This is a question that came up a few weeks ago as I observed a discussion between several youth pastors. I’ve been a part of quite a few similar conversations, and this particular topic of discussion is always interesting to me as I think it gets to the core of what we are truly striving for in our ministries. I always find the responses fascinating, in the sense that I discover myself often having a different view on many of the answers that are given.
There’s always a field of answers that are given and many of the responses to this question often include numbers – how many students are coming to your program, or how much numerical growth you’ve seen over the last year. Along those lines, some will say how many students are bringing friends. There’s always the commitments/recommitments conversation. Someone usually brings up how many students are going to bible college or full-time ministry. Another one tends to be making sure students are devoted to Christ when they leave for college. Every once in a while someone will bring up discipleship and making disciples.
All of these are good and well. In fact, many are very, very good – as well as highly encouraging. The one I tend to connect with the most is the making disciples. But even ‘making disciples’, in this conversational context, is frequently used with numbers. People will throw around the vine and branches reference found in John 15, defining the “fruit” mentioned there as a numerical measurement. When you look at it though, the Greek translation of “fruit” in John 15 is karpos, meaning to gather fruit or a harvest. Based on that, it’s important to keep in mind that a harvest takes a season. It isn’t something that simply happens once a seed is planted. It takes investment, it takes hard-work, it takes sweat, it takes commitment, and it takes time. The fruit that is referenced in John 15 is one of investment, for a season, in someone’s life. It’s referring to the hard-work, blood, sweat, and tears that goes into discipling someone or a group of people. It’s not talking about a seasonal numerical effort. And this is where my heart is for what I view as a success in the ministry that God has given me.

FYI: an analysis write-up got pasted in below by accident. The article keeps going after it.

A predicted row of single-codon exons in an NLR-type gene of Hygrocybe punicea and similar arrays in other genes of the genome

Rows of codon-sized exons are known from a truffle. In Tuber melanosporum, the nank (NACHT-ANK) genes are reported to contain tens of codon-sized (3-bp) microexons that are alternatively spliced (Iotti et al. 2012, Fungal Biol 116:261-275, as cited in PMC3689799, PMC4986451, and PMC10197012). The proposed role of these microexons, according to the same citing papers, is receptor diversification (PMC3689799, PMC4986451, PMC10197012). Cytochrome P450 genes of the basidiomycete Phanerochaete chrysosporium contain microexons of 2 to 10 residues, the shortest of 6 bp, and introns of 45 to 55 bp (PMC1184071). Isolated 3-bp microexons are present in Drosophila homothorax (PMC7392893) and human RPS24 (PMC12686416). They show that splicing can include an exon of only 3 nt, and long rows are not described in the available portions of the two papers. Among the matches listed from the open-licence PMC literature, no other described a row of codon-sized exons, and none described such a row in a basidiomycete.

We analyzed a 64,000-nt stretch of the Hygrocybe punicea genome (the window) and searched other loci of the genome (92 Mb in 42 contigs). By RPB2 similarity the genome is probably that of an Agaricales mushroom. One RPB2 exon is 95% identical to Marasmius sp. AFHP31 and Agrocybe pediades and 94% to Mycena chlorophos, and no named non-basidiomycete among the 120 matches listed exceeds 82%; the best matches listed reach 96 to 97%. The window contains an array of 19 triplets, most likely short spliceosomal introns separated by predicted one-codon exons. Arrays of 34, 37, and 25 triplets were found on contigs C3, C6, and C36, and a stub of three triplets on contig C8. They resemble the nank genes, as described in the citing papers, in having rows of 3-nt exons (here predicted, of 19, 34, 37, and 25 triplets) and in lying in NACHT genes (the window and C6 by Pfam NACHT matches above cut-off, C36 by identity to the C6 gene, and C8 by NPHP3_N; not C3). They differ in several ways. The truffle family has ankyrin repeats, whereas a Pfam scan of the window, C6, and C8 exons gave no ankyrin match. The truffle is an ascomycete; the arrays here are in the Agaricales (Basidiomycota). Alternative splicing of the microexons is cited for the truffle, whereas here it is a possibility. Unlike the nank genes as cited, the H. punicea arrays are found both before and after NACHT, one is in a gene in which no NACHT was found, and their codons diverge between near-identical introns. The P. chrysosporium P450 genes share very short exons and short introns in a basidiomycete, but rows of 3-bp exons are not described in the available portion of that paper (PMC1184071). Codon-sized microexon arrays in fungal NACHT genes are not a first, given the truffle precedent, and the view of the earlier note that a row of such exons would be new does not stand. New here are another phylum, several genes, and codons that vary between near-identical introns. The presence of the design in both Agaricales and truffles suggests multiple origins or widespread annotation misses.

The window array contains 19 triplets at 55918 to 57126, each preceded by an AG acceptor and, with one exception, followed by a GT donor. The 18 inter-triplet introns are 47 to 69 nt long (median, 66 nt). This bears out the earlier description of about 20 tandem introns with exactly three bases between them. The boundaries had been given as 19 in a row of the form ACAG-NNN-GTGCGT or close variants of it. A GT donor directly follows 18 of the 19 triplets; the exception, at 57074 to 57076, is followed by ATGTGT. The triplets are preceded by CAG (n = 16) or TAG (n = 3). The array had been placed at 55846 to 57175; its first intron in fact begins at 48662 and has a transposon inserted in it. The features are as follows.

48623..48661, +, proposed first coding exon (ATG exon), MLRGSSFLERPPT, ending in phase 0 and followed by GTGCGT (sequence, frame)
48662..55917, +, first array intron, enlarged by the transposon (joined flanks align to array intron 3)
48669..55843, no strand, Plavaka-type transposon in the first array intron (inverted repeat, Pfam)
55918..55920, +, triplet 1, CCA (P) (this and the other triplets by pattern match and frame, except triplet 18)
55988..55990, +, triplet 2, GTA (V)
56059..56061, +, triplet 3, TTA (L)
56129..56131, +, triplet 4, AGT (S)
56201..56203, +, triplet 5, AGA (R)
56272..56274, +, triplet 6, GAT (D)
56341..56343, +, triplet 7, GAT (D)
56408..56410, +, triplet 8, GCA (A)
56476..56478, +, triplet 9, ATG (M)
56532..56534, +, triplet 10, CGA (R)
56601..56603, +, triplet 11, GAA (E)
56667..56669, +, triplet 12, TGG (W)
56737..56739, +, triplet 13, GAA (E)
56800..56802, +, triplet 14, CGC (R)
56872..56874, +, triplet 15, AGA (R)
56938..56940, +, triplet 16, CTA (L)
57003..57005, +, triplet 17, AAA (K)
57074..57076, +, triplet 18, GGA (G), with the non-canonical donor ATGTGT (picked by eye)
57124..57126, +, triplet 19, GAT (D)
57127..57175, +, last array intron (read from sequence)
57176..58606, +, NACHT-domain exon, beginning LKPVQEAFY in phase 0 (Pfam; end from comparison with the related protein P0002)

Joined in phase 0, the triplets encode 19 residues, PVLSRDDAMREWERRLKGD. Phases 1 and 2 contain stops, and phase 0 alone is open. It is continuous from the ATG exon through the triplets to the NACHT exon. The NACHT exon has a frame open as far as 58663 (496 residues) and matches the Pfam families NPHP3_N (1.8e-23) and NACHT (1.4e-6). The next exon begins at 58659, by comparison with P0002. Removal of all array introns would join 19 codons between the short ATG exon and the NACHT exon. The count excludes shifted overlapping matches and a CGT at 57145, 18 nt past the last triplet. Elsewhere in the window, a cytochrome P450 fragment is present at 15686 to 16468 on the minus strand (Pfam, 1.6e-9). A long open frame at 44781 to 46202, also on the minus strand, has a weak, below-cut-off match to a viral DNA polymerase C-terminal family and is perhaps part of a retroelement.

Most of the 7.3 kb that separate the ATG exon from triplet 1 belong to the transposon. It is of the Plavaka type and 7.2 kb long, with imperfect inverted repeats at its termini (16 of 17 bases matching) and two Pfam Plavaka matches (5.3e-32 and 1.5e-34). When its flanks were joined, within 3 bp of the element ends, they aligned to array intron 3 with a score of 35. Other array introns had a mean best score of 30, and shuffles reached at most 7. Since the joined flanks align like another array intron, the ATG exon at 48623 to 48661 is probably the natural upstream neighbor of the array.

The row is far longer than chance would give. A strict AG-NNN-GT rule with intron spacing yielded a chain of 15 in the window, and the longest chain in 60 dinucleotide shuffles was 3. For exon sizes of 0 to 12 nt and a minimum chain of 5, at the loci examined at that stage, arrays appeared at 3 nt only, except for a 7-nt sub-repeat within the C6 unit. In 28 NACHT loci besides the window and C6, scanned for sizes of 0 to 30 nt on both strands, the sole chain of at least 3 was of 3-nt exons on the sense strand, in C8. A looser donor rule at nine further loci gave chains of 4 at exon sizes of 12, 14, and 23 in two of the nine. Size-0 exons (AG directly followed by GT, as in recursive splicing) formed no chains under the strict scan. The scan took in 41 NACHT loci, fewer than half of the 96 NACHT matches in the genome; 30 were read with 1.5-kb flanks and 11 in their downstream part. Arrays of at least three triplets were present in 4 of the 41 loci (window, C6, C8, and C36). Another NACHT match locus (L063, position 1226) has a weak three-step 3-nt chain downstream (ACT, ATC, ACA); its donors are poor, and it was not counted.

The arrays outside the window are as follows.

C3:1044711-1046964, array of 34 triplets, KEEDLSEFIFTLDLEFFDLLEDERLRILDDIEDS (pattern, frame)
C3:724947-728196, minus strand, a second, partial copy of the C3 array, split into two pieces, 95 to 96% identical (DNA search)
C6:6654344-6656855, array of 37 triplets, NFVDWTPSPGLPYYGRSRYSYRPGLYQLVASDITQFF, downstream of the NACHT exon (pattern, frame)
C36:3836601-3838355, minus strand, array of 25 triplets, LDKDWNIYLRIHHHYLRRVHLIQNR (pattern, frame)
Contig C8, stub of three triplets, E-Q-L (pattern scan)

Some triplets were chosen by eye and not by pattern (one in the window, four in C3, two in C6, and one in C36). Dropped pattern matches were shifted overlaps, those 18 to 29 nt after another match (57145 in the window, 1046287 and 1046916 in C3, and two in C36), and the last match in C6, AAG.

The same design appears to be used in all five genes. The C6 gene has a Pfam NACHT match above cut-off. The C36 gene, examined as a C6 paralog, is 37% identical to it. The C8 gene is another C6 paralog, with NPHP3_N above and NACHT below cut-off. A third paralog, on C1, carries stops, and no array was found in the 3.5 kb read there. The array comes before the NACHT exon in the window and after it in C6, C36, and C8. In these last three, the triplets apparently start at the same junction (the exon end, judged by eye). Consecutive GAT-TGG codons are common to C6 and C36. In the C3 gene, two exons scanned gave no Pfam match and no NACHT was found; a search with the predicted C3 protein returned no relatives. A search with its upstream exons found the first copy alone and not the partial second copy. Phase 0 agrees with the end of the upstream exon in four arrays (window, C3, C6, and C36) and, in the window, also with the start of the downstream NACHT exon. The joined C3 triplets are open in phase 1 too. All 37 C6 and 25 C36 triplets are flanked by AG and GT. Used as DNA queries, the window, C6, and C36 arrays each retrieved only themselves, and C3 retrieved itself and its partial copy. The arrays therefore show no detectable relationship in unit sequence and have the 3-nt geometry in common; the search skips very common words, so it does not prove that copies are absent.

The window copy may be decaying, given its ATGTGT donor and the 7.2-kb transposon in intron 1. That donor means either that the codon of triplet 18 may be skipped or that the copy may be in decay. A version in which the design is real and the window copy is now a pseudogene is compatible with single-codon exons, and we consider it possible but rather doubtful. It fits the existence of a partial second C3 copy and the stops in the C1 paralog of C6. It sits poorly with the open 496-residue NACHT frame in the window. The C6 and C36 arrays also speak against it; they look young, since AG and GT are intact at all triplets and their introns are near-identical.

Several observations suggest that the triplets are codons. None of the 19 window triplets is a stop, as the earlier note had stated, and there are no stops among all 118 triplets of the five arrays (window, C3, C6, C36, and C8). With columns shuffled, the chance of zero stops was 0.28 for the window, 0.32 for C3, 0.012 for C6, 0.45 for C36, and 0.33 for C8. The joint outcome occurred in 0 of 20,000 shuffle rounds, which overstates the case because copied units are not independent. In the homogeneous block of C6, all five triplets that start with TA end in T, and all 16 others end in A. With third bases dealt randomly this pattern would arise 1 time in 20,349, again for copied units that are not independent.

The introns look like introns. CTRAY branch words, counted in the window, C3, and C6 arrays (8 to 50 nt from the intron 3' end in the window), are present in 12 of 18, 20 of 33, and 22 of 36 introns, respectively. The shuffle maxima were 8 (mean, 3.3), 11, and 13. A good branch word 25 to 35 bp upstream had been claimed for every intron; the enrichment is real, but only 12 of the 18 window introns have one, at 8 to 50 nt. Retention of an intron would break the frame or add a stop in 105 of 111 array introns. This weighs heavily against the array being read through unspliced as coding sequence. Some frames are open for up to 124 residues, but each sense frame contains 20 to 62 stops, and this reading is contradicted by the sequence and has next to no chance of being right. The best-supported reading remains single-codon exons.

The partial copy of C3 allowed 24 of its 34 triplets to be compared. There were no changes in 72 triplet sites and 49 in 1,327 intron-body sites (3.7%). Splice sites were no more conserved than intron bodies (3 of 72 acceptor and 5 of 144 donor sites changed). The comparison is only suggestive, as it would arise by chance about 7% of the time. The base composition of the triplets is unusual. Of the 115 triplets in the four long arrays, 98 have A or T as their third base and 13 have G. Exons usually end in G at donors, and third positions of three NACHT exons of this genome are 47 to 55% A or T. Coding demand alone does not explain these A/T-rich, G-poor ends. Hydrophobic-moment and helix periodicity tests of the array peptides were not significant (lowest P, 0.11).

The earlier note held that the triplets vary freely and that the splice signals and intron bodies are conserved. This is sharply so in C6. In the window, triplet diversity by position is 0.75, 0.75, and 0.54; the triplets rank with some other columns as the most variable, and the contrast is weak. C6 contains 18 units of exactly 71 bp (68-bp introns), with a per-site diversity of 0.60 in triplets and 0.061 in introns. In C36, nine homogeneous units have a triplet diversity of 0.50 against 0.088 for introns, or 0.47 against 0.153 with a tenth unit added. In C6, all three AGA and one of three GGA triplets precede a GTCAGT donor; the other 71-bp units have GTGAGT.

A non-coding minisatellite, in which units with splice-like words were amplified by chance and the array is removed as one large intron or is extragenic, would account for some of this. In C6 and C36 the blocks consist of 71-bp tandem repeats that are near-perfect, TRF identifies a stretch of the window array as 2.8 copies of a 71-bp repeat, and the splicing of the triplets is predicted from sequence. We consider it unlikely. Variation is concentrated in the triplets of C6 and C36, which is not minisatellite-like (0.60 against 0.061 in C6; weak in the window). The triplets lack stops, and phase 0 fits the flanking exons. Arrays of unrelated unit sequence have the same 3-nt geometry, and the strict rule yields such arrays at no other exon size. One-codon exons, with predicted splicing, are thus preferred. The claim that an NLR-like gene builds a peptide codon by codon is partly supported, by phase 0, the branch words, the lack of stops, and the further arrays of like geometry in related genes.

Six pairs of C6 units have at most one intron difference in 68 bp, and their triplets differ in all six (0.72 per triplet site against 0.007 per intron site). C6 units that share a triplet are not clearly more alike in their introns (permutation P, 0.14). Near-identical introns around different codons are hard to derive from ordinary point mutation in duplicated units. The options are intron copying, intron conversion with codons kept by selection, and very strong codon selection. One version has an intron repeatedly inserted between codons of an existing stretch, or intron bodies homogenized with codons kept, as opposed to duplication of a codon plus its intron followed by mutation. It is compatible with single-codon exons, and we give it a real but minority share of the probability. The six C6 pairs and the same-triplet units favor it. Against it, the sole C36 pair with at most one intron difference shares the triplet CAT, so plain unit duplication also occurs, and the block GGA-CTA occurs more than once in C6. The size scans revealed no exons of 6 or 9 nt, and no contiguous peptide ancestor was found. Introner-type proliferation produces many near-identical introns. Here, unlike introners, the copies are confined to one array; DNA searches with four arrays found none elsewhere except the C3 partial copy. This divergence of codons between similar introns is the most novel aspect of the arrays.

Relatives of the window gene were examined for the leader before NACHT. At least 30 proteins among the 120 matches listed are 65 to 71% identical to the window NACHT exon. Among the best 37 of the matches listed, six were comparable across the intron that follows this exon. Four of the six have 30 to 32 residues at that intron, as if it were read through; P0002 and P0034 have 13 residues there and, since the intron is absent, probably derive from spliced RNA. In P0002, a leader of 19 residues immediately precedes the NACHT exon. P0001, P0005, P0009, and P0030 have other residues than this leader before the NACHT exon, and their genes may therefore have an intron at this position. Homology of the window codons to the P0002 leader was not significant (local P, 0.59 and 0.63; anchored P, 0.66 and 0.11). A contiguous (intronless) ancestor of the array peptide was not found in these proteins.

How many students are being discipled (in the harvest/investment sense)? After a season, how many students are discipling other students around them?
This has become the measurement that I have started to gauge by. It’s vitally important that students are in relationships with our leaders. We ask each of our leaders to invest in a group of students and disciple them – include them in their lives. After a season of investing in students’ lives, we are now at a point where we are beginning to release our students to invest and disciple other students around them.
Ultimately, we have students for only a select few years. Christ only had the disciples for a few short years. His goal was not that they would have everything figured out (cause they definitely didn’t) by the time he left earth. Nor was it his goal to have the most disciples ever. His greatest goal was to disciple them and invest in them for the few years they shared together so that they could go out and invest in others. Christ looked at the journey as a whole and invested in his disciples in a way that provided sustenance and endurance for their journey, even after they were out of his ministry and he went back up to heaven.